The legal profession is currently under siege by stressors challenging the paradigm of success that has been the touchstone of lawyers for generations. Technology is a major change agent disrupting the status quo. It also is putting a spotlight on diversity and inclusion in the legal profession.
I personally prefer the word inclusion rather than diversity. The difference between diversity and inclusion is the difference between being invited to the dinner party and being allowed to eat at the table—and even participate in after-dinner drinks. We may have achieved diverse representation of women and minorities in law schools and at the early stages of legal careers, but we know that representation at the top of organizations does not include women and minorities in a proportion relative to the general population.
Technology offers a unique opportunity for diverse lawyers to be more meaningfully included—and to compete with traditional powerhouses. Now everyone who has an internet connection has access to developments in the law and the world in real time. This means that solo and small practitioners—the majority of Illinois lawyers—have an opportunity to gain expertise and access resources to serve clients that previously were the province only of those in large firms.
Because information is freely available, those who are creative, skilled in analyzing, and able to synthesize and apply legal principles in new ways to help clients, will be successful. In contrast, those who have profited not by responding to clients’ needs but by leveraging their positions of power may be left out of the game. We are returning to a profession marked by lawyers creatively, effectively and efficiently demystifying the law and problem-solving for our clients. This may level the playing field for all lawyers, including diverse ones. Good ideas come from all directions.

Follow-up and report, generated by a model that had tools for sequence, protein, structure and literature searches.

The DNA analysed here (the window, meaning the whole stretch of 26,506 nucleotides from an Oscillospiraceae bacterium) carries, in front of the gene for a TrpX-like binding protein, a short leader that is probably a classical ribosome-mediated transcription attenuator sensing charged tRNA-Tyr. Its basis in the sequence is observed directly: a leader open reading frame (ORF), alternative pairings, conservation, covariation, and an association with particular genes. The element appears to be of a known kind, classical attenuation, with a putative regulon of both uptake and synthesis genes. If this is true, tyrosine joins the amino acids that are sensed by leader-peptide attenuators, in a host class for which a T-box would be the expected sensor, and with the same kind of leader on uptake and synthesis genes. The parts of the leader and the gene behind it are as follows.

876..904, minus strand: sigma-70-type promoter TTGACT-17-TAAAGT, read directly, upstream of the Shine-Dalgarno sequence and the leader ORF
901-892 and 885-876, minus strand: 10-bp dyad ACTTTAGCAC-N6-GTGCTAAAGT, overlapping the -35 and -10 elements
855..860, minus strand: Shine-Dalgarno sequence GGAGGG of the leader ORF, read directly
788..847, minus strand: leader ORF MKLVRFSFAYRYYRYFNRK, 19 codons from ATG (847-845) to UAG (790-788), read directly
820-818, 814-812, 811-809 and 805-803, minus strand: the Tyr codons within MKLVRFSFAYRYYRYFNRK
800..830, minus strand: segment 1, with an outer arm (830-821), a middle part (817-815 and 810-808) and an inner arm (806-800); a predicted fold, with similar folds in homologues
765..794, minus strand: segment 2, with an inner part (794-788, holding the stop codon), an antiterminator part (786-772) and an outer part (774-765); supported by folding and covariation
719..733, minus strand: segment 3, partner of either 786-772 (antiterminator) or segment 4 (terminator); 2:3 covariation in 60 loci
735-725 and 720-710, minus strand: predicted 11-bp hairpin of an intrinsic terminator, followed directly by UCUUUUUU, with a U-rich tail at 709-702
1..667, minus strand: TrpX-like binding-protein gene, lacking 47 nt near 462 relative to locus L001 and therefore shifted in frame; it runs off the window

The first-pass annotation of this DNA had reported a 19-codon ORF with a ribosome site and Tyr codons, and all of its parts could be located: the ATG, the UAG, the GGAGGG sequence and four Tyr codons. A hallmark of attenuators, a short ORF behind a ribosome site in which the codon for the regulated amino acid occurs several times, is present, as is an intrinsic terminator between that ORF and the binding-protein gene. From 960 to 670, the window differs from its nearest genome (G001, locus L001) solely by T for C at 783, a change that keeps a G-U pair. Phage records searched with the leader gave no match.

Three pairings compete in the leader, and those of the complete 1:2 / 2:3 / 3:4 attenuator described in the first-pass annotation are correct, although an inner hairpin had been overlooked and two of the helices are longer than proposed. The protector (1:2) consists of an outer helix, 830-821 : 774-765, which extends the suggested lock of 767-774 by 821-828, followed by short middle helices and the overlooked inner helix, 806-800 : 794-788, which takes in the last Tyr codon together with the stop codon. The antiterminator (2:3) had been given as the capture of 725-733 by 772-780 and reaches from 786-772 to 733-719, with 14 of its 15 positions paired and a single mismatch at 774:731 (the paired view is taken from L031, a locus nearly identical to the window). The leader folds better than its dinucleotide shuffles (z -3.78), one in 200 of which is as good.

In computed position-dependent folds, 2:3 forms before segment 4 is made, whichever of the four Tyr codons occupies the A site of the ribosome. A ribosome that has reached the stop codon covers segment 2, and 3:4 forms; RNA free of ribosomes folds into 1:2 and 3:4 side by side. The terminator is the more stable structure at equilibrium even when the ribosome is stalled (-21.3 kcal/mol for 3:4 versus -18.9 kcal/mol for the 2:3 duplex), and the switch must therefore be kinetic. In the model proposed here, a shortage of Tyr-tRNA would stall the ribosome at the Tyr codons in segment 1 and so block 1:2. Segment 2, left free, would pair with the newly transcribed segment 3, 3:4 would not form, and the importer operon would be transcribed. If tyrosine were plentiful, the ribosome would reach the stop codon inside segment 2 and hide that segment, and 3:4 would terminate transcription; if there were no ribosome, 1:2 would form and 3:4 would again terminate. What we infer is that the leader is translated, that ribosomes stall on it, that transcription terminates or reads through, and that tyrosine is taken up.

I really appreciate this change in reflecting back at my years recruiting for law firms. The informal but pervasive touchstone in recruiting new lawyers then was: “Who would you not mind being stuck in an elevator with?” or “going on an out of town business trip with?” Choosing new associates by this method may lead to a cohesive and comfortable work environment. It also leads to like-minded candidates being hired. It does not lead to diversity of thought, to garnering different perspectives, to understanding our clients’ needs or to crafting innovative solutions to address their problems.
Moreover, the very foundational basis of our government being by the people for the people is shaken when only some of the people are included. Those members of the public looking at the legal and judicial systems from the outside may not trust that the system is fair and impartial.
Recognizing that a lack of diversity undermines the core values of our profession, the Supreme Court defined the purpose of the Commission on Professionalism (in Supreme Court Rule 799(a)) as including “foster[ing] commitment to the elimination of bias and divisiveness within the legal and judicial systems.” To help in this large mission, one of the tools the Court provided was to very broadly define the professional responsibility CLE requirement (in Rule 794(d)) as including diversity issues. The Commission collaborates with interested individuals and organizations on programs and initiatives. We also encourage interactive diversity programs that explore methods to eliminate bias and divisiveness—in other words, to increase inclusion.
The hope is that increased opportunities for women and minorities are coming along with the new approaches—and apps—that are daily changing the way lawyers work. If so, we will revitalize our profession, earn greater trust from the public, and strengthen our communities and society. ■